Now fireworks seem to have a bit of a bad reputation in South Africa. Not for me, you understand – I love them – but in this country of equal rights for all *cough* we apparently have to consider the rights of  pets as well.
And as we all know, fireworks and pets don’t mix. Don’t mix well, anyway.

Thus, on Guy Fawkes night, which is inexplicably celebrated here in SA (why don’t we celebrate every foiled foreign terror plot in this way?), those who wish to use fireworks are directed to specific and limited sites across the city to set them off and have fun far away from those lovely dogs which only disturb us firework-users on the other 364 nights of the year. And then everyone is happy – apart from the moaning dog owners who want fireworks banned completely because Graham (their pedigree short-haired dachshund) is ever so sensitive and even the thought of fireworks puts him off his Woofies Gourmet for hours at a time. Yes, yes, we know he barks all night and keeps you awake and s**ts all over the local fields and footpaths where your kids play and walk, but then he would, because that’s what dogs do – it’s only natural, see?

Well anyway, there were a few fireworks going off around midnight last night (Lord only knows what effect they had on the lass who was surprised by the champagne corks) and I suspect that local dog owners will be up in arms about the whole thing. Shame.
I’m expecting letters galore into the Cape Times about that. They should probably also complain about the thunder at 6 o’clock this morning which was 17 times louder and longer, but they probably won’t because Mayor Dan Plato is  powerless to do anything about that. Actually, he seems pretty much powerless to do anything about anything, but that’s for another more politically motivated post sometime later in the year.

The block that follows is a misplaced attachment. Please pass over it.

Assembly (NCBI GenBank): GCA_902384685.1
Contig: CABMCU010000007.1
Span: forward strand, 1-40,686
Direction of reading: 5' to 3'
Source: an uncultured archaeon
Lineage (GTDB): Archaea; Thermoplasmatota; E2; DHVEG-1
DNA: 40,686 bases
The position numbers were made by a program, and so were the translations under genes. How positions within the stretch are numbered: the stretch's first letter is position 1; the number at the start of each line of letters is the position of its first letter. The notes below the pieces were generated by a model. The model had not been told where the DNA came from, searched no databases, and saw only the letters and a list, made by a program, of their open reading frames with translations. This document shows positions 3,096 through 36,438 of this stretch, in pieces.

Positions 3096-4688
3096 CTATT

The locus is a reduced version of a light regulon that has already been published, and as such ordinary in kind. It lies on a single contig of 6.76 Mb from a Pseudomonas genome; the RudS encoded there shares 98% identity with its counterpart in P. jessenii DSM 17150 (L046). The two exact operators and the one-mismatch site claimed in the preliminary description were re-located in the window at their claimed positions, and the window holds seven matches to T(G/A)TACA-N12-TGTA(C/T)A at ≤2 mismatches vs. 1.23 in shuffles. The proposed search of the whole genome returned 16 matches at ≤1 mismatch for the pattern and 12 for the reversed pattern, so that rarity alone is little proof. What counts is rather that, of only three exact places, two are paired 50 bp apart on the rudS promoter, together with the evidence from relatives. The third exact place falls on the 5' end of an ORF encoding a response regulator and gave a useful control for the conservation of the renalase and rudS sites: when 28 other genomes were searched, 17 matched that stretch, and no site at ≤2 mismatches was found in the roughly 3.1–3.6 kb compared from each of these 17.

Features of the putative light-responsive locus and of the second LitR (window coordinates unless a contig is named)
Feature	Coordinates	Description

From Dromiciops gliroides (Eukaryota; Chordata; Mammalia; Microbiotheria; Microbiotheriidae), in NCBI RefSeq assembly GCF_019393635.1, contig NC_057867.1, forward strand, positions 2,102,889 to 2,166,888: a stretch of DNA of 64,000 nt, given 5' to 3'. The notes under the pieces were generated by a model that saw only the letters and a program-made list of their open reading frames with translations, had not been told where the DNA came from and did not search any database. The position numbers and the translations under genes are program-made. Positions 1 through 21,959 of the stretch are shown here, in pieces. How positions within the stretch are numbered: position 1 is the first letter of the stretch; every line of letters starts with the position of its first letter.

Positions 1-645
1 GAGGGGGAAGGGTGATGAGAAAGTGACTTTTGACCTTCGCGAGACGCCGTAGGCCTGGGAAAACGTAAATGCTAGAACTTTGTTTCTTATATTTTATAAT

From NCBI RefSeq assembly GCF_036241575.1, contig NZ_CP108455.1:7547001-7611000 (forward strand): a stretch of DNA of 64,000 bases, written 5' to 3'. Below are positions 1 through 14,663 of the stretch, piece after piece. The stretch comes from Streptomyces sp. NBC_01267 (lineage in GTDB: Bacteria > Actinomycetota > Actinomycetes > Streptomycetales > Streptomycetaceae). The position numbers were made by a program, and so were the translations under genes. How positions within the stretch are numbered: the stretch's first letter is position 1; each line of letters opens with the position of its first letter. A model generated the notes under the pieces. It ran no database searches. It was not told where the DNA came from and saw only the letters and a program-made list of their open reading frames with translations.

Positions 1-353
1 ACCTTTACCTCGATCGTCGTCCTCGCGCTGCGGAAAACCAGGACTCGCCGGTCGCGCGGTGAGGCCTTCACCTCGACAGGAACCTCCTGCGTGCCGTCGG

And it was then that it came to me. In the same way that the firework-users are banished to remote sites on November 5th, so should the dog owners (and their dogs) be on New Year’s Eve. It’s only fair (in the same way that tens of thousands of people are denied exit from their homes and emergency medical assistance so some cyclists can complain about the wind one Sunday each year). The dogs could bark, howl and defaecate to their heart’s content, miles away from where people are enjoying themselves with some harmless and colourful small explosive devices.

Yes: let’s start each New Year with a degree of fairness, parity, understanding, compromise and shared responsibility, shall we?

Ja, right…

P.S. Cape Town tourism post now moved to tomorrow.

Hello 2010

I was busy braai’ing as the sun set on 2009 and – thanks to a couple of wonderful, near-textbook examples of the always enjoyable pavor nocturnus – I was busy playing catch-up on my sleep as it rose again on 2010.
Fortunately, there are a band of willing photographers who don’t seem to require quite as much red meat or slumber as I do. One of those is Joy-Anne Goodenough, whose work has previously graced the pixels of 6000 miles… twice before: here and more notably here, with a couple of shots from the last light of 2008.

Well, this is Joy-Anne’s photograph “Sunrise from Red Hill, New Years Day 2o1o” which pretty much tells you the what, where and when of things and saves me from having to do the same.

Incidentally (and neatly completing the circle) Joy-Anne was out and about on New Year’s Eve as well, capturing the very last light of 2009 (and here) and (of course) they’re damn good; but I remain a huge fan of her 2008 efforts.